Finding a home
With the music coming to an end, it was time for the group photo… but then the heavens opened. Our team dashed back to our sleeping bags to find them getting wet. We had to find somewhere dry. Jackpot, we then found a little covered corridor between the cafe and a shipping container. Just the right size for the four of us. We packed up and set up for the night once again. It was not the best, but it was dry. But things like this did open my eyes to how difficult it must be to find somewhere secure, safe, dry and warm to sleep at night, for those not as fortunate as myself. It was a reality check for sure.
With one final swig of the thermos and putting on a dry fluffy pair of socks on, we bedded down for the night and the lights went out. Our spot was right next to the cafe and the lights remained on, which made sleeping particularly difficult – but that too is another hurdle that homeless people have to overcome. It is sometimes noisy, light and cold, which makes sleeping very difficult.
Searching for sleep
Once I got comfortable, I managed a couple of hours of sleep. I woke at 2.15am – it was cold and the temperature had dropped to three degrees celsius. It was time to add another layer. I managed to get comfortable once more and got another couple of hours of broken sleep. I found it very uncomfortable on the concrete, even with cardboard underneath it was hard and the cold came through. With that, I woke at 4.30 am. I tried to retain my body heat and got a hot drink to warm me up. Time seemed to pass so slowly as I waited for others to wake and the day to begin.
I woke at 2.15am – it was cold and the temperature had dropped to three degrees celsius.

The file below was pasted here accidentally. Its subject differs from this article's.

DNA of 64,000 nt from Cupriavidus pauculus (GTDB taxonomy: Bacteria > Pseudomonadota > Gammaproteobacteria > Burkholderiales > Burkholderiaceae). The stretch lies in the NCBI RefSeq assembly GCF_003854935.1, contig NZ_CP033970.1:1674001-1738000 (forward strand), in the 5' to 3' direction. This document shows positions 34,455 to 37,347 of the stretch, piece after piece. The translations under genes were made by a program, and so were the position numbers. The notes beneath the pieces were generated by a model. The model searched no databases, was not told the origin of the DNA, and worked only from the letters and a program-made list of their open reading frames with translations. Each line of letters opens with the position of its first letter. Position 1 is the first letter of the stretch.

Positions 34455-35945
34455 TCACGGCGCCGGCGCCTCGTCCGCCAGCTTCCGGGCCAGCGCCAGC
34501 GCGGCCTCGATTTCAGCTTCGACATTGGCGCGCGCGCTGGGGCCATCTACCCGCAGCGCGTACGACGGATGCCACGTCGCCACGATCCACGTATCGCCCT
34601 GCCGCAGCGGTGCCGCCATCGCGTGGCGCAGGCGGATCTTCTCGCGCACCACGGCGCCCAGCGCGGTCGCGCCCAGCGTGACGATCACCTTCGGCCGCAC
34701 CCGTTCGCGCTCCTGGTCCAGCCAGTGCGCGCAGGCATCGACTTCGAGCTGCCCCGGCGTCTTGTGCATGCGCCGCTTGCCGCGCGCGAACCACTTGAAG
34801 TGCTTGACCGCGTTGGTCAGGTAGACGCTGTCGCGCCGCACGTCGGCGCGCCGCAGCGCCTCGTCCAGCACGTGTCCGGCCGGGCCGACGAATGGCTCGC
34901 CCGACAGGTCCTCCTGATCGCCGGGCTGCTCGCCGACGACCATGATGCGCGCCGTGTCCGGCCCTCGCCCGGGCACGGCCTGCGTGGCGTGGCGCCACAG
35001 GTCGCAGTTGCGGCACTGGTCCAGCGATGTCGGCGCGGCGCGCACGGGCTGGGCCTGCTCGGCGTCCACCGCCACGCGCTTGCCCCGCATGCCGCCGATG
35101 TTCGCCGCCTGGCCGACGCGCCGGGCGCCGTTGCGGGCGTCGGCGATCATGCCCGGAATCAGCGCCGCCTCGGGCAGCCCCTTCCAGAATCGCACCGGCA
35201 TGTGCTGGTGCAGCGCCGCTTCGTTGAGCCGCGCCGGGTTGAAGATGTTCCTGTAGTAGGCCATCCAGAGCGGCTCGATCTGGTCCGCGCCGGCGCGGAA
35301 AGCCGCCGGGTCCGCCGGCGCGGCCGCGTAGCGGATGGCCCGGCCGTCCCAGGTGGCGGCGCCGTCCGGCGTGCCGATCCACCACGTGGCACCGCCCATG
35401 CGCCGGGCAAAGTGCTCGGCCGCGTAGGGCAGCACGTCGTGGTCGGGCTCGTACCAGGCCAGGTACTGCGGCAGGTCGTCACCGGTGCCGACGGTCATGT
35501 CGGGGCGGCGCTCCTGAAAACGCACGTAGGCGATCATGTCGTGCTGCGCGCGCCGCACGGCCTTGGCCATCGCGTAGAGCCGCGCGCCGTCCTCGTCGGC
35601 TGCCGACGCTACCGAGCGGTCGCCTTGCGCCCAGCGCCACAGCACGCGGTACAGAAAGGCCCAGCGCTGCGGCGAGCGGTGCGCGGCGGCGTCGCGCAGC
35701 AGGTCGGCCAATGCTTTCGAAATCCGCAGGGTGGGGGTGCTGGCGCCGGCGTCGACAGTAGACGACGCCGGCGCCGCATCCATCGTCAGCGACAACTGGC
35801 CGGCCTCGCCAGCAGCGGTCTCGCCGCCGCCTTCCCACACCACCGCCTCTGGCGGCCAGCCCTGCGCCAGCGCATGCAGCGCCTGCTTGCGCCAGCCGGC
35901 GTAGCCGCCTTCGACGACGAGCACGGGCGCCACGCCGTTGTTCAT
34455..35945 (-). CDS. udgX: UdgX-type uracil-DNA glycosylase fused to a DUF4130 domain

We did it!
Eventually just before 6am people began to stir and, one by one, started to get up. We had done it. We survived the night. In hindsight we had it easy – a secure place with some bits of shelter, people providing us with food and drinks, convenient clean toilets, lots of lovely people around us for support and, more profoundly, we had a home to go back to afterwards.
That was the most impactful part of the experience for me. Home is more than just a roof over your head, more than bricks and mortar. It’s a place where memories are made and relationships flourish. It’s my hope the money we raised will allow young people to experience what a secure place to live offers.
The fundraising has kept coming – the Creative Sponge team and I raised an amazing total of £662.50 going toward the £70,000 total raised by the event. Spending one night outside so others don’t have to, was completely worth it. Now more local vulnerable young people will receive support and opportunities they need to prevent them from ending up on the streets.
The Norwich Sleep Out was a great experience, and I did it with an incredible team, brilliant donors, and inspirational organisers. The experience has opened my eyes to how fortunate I am and how we should all take the time to appreciate what we have and the people around us. Also, it’s been great to understand and appreciate the work charities, like The Benjamin Foundation, are doing so well.
You can still donate to the cause through our virgin money giving page.